+Justice Lindgren ​noted that "​another... way of formulating this question is to ask whether the allegedly infringing arrangement is an impermissible distortion, mutilation or other modification of the musical work. Of course the word '​impermissible'​ itself invokes questions of evaluation and degree"​. 
 + 
 +The FCAFC held that "'​debase'​ is a strong term which requires much more than an opinion, even an expert opinion, that the adaptation is musically inferior"​.
  
 __*Buffet v Fersing* (1962) D Jur 570 (Fr)__ __*Buffet v Fersing* (1962) D Jur 570 (Fr)__
  
-Bernard Buffet had painted six panels of a refrigerator,​ and signed only one panel. Fersing bought the refrigerator at a charity auction and resold the panels individually for a profit. Buffet was able to recover damages for infringement of his moral right of integrity because Fersing had mutilated his expression, which was intended to stand as a whole.+Bernard Buffet had painted six panels of a refrigerator,​ and signed only one panel. Fersing bought the refrigerator at a charity auction and resold the panels individually for a profit. Buffet was able to recover damages for infringement of his moral right of integrity because Fersing had mutilated his expression, which was intended to stand as a whole.
  
 __*Huston v Societe de l'​Exploitation de la Cinquieme Chaine* (1991) 149 Revue Internationale du Droit d'​Auteur 197 (Cour de cassation)__ ​ __*Huston v Societe de l'​Exploitation de la Cinquieme Chaine* (1991) 149 Revue Internationale du Droit d'​Auteur 197 (Cour de cassation)__ ​
  
-The estate of John Huston successfully sought an injunction against a French television broadcaster to prevent the broadcast of a colourised version of Huston'​s black and white film '​Asphalt Jungle'​.+The estate of John Huston successfully sought an injunction against a French television broadcaster to prevent the broadcast of a colourised version of Huston'​s black and white film '​Asphalt Jungle'​.
 - An earlier suit brought in the US failed. - An earlier suit brought in the US failed.
 - Material distortion of his work prejudicial to honour or reputation. ​ - Material distortion of his work prejudicial to honour or reputation. ​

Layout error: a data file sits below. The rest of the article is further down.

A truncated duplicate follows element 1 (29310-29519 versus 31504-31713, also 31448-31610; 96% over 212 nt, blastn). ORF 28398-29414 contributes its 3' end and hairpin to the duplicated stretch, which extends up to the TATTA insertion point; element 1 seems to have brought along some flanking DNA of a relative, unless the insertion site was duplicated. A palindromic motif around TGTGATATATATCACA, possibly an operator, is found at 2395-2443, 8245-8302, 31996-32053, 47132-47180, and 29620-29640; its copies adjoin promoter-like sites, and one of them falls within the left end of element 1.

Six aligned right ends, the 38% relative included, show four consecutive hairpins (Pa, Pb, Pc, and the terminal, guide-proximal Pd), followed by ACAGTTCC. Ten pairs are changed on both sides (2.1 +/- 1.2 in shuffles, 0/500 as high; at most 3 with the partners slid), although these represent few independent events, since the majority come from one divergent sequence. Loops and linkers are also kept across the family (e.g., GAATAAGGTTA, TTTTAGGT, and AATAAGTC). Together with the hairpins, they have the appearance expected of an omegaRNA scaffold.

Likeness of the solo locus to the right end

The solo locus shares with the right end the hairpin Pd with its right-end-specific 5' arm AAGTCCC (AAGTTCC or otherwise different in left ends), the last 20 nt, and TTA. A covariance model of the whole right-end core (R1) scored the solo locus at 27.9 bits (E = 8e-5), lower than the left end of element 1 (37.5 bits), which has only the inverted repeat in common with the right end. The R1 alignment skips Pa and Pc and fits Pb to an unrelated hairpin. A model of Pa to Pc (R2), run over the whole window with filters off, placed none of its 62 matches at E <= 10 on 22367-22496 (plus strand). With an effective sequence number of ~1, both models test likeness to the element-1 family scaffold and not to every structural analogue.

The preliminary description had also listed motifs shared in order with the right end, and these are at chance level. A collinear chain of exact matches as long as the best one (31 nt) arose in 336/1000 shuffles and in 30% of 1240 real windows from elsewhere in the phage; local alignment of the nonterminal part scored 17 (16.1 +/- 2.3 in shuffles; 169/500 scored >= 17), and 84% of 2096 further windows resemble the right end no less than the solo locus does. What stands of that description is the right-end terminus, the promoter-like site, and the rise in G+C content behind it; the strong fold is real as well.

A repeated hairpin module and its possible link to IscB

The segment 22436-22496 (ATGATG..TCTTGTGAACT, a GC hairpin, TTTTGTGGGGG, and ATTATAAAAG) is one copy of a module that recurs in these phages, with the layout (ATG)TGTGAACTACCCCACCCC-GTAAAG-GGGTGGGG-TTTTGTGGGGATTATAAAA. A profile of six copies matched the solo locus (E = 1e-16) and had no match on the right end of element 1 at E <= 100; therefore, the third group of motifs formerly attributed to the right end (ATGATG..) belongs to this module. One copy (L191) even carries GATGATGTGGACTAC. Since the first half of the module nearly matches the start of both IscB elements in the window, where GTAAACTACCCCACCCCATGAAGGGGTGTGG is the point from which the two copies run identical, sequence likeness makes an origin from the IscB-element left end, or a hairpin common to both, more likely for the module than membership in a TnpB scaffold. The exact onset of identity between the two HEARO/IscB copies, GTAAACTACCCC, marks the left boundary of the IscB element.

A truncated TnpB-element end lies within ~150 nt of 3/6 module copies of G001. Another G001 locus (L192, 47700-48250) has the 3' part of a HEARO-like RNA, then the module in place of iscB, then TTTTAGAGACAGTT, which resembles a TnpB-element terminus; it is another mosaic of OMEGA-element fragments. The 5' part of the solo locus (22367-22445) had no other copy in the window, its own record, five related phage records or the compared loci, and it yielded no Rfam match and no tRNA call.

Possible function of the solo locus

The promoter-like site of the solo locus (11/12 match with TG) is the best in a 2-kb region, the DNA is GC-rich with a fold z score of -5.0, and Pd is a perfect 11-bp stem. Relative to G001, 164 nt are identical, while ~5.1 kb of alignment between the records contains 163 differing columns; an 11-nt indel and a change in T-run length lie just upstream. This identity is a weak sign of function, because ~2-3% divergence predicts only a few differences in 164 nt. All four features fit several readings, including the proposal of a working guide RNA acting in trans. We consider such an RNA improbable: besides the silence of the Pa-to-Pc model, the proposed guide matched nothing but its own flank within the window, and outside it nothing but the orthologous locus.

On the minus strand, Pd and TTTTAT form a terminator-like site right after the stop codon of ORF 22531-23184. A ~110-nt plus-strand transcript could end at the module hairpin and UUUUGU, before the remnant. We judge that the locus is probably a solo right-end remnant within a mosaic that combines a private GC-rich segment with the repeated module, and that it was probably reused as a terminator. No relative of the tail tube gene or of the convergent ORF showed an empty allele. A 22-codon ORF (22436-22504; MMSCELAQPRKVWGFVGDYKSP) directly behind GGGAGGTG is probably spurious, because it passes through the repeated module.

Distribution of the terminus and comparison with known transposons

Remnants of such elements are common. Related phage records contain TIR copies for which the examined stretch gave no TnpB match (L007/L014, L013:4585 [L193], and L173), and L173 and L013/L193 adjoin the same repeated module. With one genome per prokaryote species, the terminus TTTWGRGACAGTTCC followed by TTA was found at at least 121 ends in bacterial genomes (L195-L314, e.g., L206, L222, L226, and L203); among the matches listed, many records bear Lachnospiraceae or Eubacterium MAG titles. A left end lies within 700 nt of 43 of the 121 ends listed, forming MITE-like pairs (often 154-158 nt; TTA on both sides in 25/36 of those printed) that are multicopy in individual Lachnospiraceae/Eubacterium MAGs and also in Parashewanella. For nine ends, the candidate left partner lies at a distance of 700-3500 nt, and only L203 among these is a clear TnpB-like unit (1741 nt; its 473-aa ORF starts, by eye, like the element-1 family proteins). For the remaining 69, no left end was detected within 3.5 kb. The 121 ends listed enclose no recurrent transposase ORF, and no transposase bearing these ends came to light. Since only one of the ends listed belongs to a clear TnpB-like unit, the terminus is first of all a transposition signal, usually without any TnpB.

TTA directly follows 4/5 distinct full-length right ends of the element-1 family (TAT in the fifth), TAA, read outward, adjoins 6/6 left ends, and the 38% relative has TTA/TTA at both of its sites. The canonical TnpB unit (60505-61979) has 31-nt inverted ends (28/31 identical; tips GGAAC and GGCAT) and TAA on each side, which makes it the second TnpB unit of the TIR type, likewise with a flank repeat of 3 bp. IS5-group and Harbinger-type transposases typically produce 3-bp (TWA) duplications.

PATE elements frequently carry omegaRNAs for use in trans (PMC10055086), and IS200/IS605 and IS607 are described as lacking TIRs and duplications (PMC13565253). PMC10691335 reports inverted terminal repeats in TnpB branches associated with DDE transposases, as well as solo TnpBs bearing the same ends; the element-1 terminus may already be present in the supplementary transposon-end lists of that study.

-__*Snow v The Eaton Centre Limited(1988) 70 CPR (2d) 105__+__//Snow v The Eaton Centre Limited// (( (1988) 70 CPR (2d) 105))__
  
-A Canadian shopping centre had bought a sculpture of 60 flying geese from the plaintiff. When the shopping centre tied Christmas ribbons around the necks of the geese, Snow applied for an injunction. +A Canadian shopping centre had bought a sculpture of 60 flying geese from the plaintiff. When the shopping centre tied Christmas ribbons around the necks of the geese, Snow applied for an injunction. 
-The Ontario High Court ordered that the ribbons be removed, holding that the treatment of the sculpture was prejudicial to Snow's honour or reputation. +The Ontario High Court ordered that the ribbons be removed, holding that the treatment of the sculpture was prejudicial to Snow's honour or reputation. 
-Snow said it was prejudicial to his honour – reducing it to crass advertisement of Christmas. ​+Snow said it was prejudicial to his honour – reducing it to crass advertisement of Christmas. ​
  
-__*Morrison Leahy Music Limited and another v Lightbond Limited[1993] E.M.L.R. 144.__+__//Morrison Leahy Music Limited and another v Lightbond Limited// (([1993] E.M.L.R. 144.))__
  
-In 1993, George Michael was granted a preliminary injunction preventing the release of a medley of a number of George Michael'​s songs. The Court of Appeal in London found that it was arguable that the remix record could constitute derogatory treatment of George Michael'​s works.+In 1993, George Michael was granted a preliminary injunction preventing the release of a medley of a number of George Michael'​s songs. The Court of Appeal in London found that it was arguable that the remix record could constitute derogatory treatment of George Michael'​s works.
  
-__*Confetti Records v Warner Music[2003] EWCh 1274 (ch) [150]__+__//Confetti Records v Warner Music// (([2003] EWCh 1274 (ch) [150]))__
  
-In 2003, the UK High Court found that there was no infringement of moral rights when rap lyrics were recorded over the top of a remix of an original song, at least without any expert evidence as to what the lyrics actually meant.+In 2003, the UK High Court found that there was no infringement of moral rights when rap lyrics were recorded over the top of a remix of an original song, at least without any expert evidence as to what the lyrics actually meant.
  
 ## Remedies ​ ## Remedies ​
  
-- InjunctionTo prevent people from harming a person'​s work or to ensure proper attribution for use +There are three main remedies available for breach of moral rights. These include: 
-- Damages + 
-Apology ​and rectification. ​+  - An injunction to prevent people from harming a person'​s work or to ensure proper attribution for use
 + 
 +  - Damages; and  
 + 
 +  An apology ​and rectification.